During Trump's Tuesday night rally, which New York Times reporter Maggie Haberman described as "a bleak panoply of grievance and anger at Democrats, the media, and a reference to the Academy Awards," some journalists noted Rubio's previous critiques of Trump. Rubio tweeted back.

For a sense of how 2016 Rubio viewed Trump's divisive and ugly rallies, here's one example:

Rubio didn't seem entirely comfortable with Trump's rhetoric on Tuesday, but what's he supposed to do? Stay in Washington? Peter Weber

12:04 a.m.

During his May trip to Baghdad, Secretary of State Mike Pompeo shared a message with Iraqi leaders that he wanted passed on to Iran: If any attacks by the country or its proxies killed any U.S. troops, there would be military action, U.S. officials told The Washington Post.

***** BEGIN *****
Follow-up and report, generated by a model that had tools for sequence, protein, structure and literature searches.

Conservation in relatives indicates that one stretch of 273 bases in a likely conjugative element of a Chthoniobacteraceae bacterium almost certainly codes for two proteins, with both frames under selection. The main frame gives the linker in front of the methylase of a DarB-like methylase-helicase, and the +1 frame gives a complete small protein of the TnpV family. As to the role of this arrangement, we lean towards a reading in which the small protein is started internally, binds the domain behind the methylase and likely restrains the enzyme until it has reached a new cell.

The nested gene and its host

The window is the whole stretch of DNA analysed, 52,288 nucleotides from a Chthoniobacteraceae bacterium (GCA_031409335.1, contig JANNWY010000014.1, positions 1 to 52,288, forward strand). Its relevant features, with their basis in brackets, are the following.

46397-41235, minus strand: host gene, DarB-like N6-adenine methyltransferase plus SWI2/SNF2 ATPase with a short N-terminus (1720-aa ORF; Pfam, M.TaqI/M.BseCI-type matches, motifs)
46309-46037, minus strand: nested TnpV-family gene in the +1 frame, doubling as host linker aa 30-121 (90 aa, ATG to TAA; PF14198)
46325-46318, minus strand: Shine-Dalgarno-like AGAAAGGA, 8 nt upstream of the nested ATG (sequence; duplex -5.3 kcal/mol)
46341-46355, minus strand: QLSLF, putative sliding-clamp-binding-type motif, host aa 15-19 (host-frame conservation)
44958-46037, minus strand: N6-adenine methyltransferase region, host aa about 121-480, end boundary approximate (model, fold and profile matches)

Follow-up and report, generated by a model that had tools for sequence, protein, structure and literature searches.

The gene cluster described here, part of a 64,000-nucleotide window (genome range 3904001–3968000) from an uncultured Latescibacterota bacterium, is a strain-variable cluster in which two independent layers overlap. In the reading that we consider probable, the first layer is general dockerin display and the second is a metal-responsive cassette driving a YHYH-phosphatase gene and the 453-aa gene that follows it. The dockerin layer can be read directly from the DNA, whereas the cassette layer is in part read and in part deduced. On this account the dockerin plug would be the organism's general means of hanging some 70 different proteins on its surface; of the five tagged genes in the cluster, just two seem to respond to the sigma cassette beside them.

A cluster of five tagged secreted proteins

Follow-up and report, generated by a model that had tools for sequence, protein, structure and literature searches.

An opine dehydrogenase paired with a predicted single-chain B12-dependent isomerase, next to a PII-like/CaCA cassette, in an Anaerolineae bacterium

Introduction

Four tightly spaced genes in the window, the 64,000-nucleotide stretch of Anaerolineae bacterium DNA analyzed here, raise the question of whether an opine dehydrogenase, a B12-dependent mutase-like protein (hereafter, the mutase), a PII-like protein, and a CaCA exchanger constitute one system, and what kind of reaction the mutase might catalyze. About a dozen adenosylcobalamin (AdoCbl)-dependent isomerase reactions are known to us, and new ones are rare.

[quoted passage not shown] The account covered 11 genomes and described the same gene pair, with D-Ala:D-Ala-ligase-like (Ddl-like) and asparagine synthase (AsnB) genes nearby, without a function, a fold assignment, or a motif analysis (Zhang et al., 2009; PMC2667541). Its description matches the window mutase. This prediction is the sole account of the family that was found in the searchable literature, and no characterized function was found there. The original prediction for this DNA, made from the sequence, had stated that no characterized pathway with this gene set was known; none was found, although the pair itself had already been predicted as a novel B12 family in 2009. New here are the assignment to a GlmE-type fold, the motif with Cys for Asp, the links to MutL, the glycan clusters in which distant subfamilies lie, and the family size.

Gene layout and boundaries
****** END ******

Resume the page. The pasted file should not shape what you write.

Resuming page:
Pompeo has issued a few private warnings, the officials said. Tensions are mounting between the U.S. and Iran, with the U.S. accusing Iran of attacking oil tankers in the Middle East and Iran, which denies attacking the tankers, saying it will soon violate the 2015 nuclear deal by having too much low-enriched uranium in its stockpile. On Monday, the Pentagon announced it will send 1,000 additional troops to the Middle East, and while at U.S. Central Command headquarters in Tampa on Tuesday, Pompeo said President Trump "does not want war," and the U.S. is in the region to "deter aggression."

U.S. officials told the Post there are concerns that because there hasn't been a confirmed Defense Secretary in several months, the hawks advising Trump — including Pompeo and National Security Adviser John Bolton — are pushing for the military to do more than its mission in the region, which is to eliminate the remnants of the Islamic State. Bolton, the officials added, is careful about what information gets to Trump, and has reduced the number of meetings where top officials discuss the Iran policy. Catherine Garcia